Poorer City Students Underperform Classmates On The SAT, Data Show

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Students from low-income families in Bridgeport, Hartford, New Haven, Stamford and Waterbury students do not perform as well as their classmates on the SAT.

In 2015-16, only 9.3 percent of Hartford children who qualify for free or reduced lunch met or exceeded a passing score on the math portion of the SAT, according to date from the state Department of Education. In the same district, 27.2 percent of low-income students earned a passing score on the English section.

Bea Dresser and Molli DeRosa in class.

By comparison, 32.7 percent of students from Hartford who are not eligible for free or reduced lunch received passing scores in math, and 50.9 percent of the same group of students passed their English SATs.

In New Haven, 7.7 percent of low-income students passed math, compared to 20.7 percent of students from higher income families. All the students in Bridgeport qualify for free or reduced lunch, and 29.2 percent passed in English and 10 percent passed in math on the SAT.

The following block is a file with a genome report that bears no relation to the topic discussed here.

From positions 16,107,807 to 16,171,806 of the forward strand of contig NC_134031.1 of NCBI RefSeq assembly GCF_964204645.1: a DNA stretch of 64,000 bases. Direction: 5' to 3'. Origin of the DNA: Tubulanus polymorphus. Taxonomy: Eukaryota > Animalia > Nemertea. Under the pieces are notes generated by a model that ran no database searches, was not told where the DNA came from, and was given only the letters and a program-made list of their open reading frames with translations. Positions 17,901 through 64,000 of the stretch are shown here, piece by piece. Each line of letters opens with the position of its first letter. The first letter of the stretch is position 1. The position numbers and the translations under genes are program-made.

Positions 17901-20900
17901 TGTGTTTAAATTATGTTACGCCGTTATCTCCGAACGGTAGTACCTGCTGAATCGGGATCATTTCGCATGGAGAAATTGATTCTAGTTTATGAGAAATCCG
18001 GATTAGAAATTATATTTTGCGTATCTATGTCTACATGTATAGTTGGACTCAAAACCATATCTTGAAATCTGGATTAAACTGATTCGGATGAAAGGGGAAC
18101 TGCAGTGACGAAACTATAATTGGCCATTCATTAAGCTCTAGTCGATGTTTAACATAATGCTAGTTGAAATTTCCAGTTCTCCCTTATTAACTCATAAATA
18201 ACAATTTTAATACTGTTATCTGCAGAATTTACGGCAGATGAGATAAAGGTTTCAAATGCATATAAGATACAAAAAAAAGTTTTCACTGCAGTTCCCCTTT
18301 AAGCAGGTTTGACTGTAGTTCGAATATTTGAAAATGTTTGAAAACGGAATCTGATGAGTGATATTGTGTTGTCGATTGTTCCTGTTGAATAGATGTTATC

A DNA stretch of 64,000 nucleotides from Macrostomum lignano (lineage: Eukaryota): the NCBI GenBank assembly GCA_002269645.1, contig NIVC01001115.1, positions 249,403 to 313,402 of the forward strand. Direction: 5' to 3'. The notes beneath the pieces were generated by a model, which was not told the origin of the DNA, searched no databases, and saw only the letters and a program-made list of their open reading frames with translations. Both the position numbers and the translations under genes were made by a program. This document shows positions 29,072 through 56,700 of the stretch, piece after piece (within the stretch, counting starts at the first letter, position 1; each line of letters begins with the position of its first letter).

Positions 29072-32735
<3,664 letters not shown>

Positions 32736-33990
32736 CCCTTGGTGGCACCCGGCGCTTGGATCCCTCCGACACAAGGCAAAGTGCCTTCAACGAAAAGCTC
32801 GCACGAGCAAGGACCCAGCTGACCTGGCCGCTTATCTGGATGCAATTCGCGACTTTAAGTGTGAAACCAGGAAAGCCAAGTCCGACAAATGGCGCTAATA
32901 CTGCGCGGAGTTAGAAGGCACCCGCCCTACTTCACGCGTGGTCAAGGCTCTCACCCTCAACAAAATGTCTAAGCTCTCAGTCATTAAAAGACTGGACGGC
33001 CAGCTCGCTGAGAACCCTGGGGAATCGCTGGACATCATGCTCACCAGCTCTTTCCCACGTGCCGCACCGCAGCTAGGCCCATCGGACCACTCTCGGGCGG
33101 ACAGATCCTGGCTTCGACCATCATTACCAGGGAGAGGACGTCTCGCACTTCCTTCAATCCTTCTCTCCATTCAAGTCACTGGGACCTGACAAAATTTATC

The same trend held out in Stamford and Waterbury, with low-income students scoring lower on their SAT than students from higher income families.

Ajit Gopalakrishnan, the chief performance officer of the education department, expressed the urgency of supplying schools that serve low-income students with more resources. He said hiring literacy coaches, offering free breakfast and covering the cost of taking the SAT could help raise the city scores.

“We have to have the courage to try something different,” Gopalakrishnan said.

Noting that the state budgets is in limbo, he said his department is striving to use finances to invest in schools.

Nancy Andrews, director of communications for the Connecticut Education, said in an email that high-poverty districts do not receive the resources to raise student achievement.

“Connecticut continues underfunding public schools to the tune of more than $7 billion per year,” she wrote.

She said Connecticut has an obligation to give its students the best chance for academic success.

Eligibility of a free or reduced lunch is one measure of a family’s income. The designation low income includes those at 130 percent below the poverty level income while free or reduced lunch includes up to 185 percent, the National Center for Education Statistics reports.

Bea Dresser is a student at Hartford Trinity Academy.

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